I do realize that it’s Post-Election Day 2016 – 11-9-2016. Trump won.
However, I try to keep my blog as politics-free as possible. So, for that reason, I’m going to talk about something completely unrelated:
Solar Power and Tesla.
So as I’ve already stated before, I live in Hawaii and I recently bought a house in January. There are many things I want to do to renovate and fix up my house in next 5-10 years. However, I’ve placed a priority on getting a new roof and getting solar panels. Why?
Well, here in Hawaii, electricity is very expensive. Also, we get some degree of sunshine pretty much 365 days of the year. These two factors make a strong argument for solar power.
When you add in that the Solar Investment Tax Credit (ITC), which provides ~30% tax credit to your solar purchase, then solar panels start to make financial sense. However, the ITC will be getting phased out in the next few years. It stays at 30% until 2019, but then it drops to 26% (2020), 22% (2021), and 0% (2022) for residential solar power. Source and Good Infographics Here
Just for completeness, the average price for electricity in Hawaii is 25 cents/kWh (Oahu) whereas for the mainland it averages 12 cents/kWh. Source & Source2
That’s a pretty significant difference. I don’t use all that much energy to power my house since I am in a relatively cooler area. For that reason I am able to not run the AC except for a few hours a day (more on weekends). However, my electricity bill is still between $250-$300 a month. This will only increase once my inlaws come in December.
So, for those reasons, it’s pretty easy to see why Hawaii is a strong market for solar power.
Maybe… too strong.
Solar power was adopted pretty rapidly, which involved a net metering program. This meant you could “sell” any excess power you made back to the grid. For some, their bills dropped to $0, and for others, they might have even made a little money. However, the grid for Hawaii was strained under this “new power” as there was nowhere for it to go. As such, Hawaii has since nixed the net-metering agreement. Those who already have it are grandfathered in (for now). I will be under the new agreement, being paid less for any excess power I generate. However, I don’t think I will have any real excess.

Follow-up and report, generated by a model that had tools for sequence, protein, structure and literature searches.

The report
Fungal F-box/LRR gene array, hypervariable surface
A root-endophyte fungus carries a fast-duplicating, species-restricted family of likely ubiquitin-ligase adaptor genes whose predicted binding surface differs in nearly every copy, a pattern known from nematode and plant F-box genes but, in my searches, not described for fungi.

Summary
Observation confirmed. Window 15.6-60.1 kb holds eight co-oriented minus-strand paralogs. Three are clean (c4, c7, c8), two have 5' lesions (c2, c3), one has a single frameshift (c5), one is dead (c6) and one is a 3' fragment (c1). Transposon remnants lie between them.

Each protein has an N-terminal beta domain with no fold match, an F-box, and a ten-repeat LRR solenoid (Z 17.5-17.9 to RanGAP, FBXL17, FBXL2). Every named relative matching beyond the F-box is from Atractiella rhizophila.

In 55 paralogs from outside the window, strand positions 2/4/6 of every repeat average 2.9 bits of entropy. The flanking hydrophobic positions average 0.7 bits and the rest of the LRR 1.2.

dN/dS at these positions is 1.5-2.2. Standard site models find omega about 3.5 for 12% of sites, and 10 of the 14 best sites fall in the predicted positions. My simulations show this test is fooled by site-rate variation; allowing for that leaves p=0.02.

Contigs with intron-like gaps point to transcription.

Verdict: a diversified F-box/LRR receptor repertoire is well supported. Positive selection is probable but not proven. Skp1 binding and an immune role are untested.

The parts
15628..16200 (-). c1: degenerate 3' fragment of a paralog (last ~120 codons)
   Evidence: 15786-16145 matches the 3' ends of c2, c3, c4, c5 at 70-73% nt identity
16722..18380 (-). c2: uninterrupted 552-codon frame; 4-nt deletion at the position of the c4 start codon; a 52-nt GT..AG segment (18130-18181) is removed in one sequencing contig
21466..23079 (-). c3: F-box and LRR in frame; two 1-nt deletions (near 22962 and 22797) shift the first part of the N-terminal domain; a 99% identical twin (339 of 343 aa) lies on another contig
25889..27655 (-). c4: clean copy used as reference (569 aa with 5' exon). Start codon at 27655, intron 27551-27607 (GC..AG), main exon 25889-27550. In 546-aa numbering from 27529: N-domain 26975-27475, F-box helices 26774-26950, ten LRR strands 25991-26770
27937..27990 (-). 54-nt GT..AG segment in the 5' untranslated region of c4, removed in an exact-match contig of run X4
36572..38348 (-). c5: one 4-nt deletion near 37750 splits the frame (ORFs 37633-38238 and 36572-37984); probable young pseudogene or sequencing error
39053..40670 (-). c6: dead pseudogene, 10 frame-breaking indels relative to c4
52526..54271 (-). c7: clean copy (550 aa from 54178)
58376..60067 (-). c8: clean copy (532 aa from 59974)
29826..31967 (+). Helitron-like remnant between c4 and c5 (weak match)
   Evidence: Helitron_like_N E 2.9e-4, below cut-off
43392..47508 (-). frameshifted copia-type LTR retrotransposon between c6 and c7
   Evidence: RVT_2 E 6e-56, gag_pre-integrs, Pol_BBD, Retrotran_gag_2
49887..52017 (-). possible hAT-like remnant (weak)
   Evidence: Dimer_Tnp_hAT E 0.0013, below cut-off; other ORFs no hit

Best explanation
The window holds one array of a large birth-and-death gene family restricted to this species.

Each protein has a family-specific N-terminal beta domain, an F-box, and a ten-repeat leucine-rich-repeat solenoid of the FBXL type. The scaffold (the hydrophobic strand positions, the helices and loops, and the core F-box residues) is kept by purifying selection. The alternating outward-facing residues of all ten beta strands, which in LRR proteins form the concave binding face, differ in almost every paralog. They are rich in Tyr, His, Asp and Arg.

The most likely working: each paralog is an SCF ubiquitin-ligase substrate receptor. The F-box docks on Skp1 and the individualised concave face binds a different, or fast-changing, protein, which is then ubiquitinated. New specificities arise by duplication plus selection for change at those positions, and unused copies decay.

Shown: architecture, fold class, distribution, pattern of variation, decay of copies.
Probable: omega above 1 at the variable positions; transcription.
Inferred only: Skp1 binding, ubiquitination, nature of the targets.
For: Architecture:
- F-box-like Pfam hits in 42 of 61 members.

The major “problem” with solar is that your panels generate the most power during the day when you are probably at work and don’t need the power. Then you come home from work and start turning on the AC, TV, and all the lights because it’s dark out… and your solar panels aren’t capturing energy anymore. So for those hours, you are still relying on the grid.
This means that for most solar panel owners on the new agreement, the days of a $0 bill are over. Most likely, your bill will still be in the range of $80-100 a month. Of course, that is still less than then $300 you would have paid, but getting the return on investment (ROI) of a $15-25k (out of pocket, after tax credit) takes longer, probably in the range of 6-10 years.
However, this makes the assumption that the prices for electricity stay the same, which may or may not be true. If the price of electricity goes up (likely), then ROI is better. If the price of electricity goes down (less likely), then ROI is worse.
Ok, so what’s the plan then?
So, the plan is I’m going to replace the roof on my house, and since I’m replacing the roof, I should try to get solar panels on at the same time. I’m hoping that by doing both at the same time that the chance for a leak or problems with the panels decreases.
After a lot of deliberation, I opted for a metal roof because I plan to be living in this house for the foreseeable future with the solar panels. If you put down new asphalt shingle and solar panels, there is a possibility that the panels may outlast the shingles. Metal, while being more expensive, lasts longer (50+ years) and is a good base for panels if you go with “standing seam”. The panels themselves can just clamp on to the seams and you don’t need to penetrate the roof really (except for the conduit). I’ve planned it this way, to try to prevent leaks/problems before they start. We’ll see if it works out.
The argument for going with a metal roof versus clay tile versus traditional asphalt shingle is a long one. Overall, the major downside to metal is the cost. If there is any interest, I will go over my thought process on why I went with a metal roof in a future post.
I get it, but what about Tesla?